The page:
Sean Penrith, The Climate Trust
Weekly Policy and Finance Update – April 10, 2017
In a climate change investment report by Deutsche Bank Climate Change Advisors, they determined that successful market opportunities offered investors “TLC”—transparency, longevity, certainty. The interest in clarity and security has never been more pressing in California’s cap and trade program. While California is a beacon of hope in the face of a new federal administration that is decimating efforts to protect against a changing climate, it’s carbon mechanism is not without its challenges in achieving a stable and comprehensive threshold.
On April 7th, the Third Court of Appeals ruled favorably on the legality of the Air Resources Board’s (ARB) use of auctions to distribute allowances. The prospect that ARB may have been forced to eliminate the auction element of the cap and trade program was worrying. This would have removed the auction floor price and volatility would likely have ensued. However, ARB prevailing in the lawsuit delivers more certainty and will help stimulate market activity despite the next step of the California Supreme Court ruling on the case or rejecting an appeal.
Two bills are advancing that craft potential post-2020 scenarios for the cap and trade program. Industry-backed AB 151 proposes extending the cap and trade program through 2030, and the establishment of a Compliance Offsets Protocol Task Force charged with developing new offset protocols that stimulate in-state emission reductions with a particular focus on disadvantaged communities. AB 378, largely endorsed by environmental justice advocates, also grants ARB authority to implement a market-based program post-2020 and focuses on the need for direct emission reductions. If either bill passed with a two-thirds majority, it could make the Court of Appeals ruling moot.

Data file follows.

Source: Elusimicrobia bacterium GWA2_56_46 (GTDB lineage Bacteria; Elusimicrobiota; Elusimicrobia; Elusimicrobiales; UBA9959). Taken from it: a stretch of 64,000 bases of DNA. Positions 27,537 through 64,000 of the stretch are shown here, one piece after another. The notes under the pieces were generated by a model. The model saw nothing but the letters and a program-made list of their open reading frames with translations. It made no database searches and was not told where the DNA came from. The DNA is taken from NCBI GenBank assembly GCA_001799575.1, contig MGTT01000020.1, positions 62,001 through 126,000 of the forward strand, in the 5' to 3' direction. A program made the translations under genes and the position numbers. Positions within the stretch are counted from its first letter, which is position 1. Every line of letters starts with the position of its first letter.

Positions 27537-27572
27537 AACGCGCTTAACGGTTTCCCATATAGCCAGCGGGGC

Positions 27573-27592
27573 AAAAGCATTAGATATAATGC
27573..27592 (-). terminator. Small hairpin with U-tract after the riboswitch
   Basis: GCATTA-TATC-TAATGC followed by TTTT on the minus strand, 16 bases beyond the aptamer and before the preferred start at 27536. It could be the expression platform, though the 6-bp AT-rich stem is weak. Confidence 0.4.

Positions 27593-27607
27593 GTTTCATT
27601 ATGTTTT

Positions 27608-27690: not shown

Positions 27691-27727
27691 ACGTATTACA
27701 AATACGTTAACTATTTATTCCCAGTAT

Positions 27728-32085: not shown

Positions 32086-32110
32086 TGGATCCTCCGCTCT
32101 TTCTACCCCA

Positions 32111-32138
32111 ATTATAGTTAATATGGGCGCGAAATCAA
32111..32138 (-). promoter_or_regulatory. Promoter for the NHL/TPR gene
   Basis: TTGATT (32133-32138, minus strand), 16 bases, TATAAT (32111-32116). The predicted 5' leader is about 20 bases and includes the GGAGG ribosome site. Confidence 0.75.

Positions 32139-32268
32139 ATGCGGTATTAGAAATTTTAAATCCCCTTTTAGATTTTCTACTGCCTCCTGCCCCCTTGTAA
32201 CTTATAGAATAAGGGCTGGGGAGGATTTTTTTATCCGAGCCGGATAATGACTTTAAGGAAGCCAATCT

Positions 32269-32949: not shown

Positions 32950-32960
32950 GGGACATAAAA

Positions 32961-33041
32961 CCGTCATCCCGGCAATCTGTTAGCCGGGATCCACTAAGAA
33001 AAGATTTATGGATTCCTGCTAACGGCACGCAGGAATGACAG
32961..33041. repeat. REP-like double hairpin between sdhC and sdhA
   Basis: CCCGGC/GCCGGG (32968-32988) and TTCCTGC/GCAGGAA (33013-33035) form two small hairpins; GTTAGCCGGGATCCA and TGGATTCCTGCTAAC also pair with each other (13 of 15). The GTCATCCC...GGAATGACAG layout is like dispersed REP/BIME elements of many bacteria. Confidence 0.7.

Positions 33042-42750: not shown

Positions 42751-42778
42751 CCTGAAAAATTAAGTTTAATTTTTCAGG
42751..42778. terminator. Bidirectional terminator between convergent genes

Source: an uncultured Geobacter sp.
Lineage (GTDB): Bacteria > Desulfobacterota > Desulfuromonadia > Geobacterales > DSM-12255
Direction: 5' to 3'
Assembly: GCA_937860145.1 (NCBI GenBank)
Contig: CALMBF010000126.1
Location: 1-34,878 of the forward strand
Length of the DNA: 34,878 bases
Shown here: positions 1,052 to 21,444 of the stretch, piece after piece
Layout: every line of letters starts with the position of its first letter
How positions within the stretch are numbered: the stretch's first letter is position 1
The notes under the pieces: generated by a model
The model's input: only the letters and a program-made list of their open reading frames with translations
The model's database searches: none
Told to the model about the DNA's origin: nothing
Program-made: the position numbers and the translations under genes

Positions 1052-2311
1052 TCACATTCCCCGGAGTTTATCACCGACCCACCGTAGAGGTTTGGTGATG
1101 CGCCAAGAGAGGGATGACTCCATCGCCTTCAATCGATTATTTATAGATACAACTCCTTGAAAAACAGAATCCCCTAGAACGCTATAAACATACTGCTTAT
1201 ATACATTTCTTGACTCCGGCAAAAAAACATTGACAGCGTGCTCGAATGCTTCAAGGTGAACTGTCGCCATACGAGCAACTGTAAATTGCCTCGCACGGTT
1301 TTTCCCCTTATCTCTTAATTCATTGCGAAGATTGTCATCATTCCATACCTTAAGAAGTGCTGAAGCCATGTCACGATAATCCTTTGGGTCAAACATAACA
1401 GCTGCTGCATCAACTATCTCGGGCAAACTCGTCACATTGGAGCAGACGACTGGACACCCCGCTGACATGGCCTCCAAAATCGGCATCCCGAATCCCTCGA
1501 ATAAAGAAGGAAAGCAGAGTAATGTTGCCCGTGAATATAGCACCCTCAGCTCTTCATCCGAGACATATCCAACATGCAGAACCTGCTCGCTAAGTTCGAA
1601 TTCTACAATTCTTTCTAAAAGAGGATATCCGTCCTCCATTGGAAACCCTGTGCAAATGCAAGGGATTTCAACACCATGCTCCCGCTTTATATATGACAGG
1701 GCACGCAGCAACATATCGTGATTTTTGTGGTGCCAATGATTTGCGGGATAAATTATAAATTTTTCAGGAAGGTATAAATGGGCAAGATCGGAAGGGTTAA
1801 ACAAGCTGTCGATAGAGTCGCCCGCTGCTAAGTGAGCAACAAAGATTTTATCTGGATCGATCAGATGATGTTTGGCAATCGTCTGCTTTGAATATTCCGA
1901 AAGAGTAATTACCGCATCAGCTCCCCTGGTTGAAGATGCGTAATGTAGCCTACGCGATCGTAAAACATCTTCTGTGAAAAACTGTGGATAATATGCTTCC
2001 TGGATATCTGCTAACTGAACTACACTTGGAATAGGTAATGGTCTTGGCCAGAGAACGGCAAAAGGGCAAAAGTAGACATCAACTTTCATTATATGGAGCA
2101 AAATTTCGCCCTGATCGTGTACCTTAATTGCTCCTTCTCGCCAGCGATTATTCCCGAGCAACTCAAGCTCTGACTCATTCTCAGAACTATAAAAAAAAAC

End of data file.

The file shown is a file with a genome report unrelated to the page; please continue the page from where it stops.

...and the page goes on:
These uncertainties decidedly undermine the vital TLC factor the market needs. It is therefore of little wonder that for the fifth time, the California-Quebec auction was undersubscribed and a total of 143 million allowances have gone unsold. Legislators are the stewards of sound policy that drive California towards its emission goals. Their diligence ensures the TLC so vitally needed to support investment flows.
Recalibrating California’s Cap-and-Trade Program to Account for Oversupply
An original quantitative analysis and policy recommendations
Energy Innovation, March 2017
The 2017-18 Budget: Cap-and-Trade
Assessment & Recommendation
Legislative Analyst’s Office (LAO), February 2017
Only a Few Drips of Cash Expected from Cap-and-Trade Auction
LA Times, March 1, 2017
Lawsuit, Not Trump, Threatens California’s Cap-and-Trade System
SF Chronicle, April 5, 2017
California’s ‘New’ Environmentalism: Toxic Air, Tainted Water Driving Climate-Change Debate
Mercury News, April 1, 2017
How to Move Sustainable Investing into the Spotlight
Kristen Kleiman, The Climate Trust, November 28, 2016
Image credit: Flickr/Bemep
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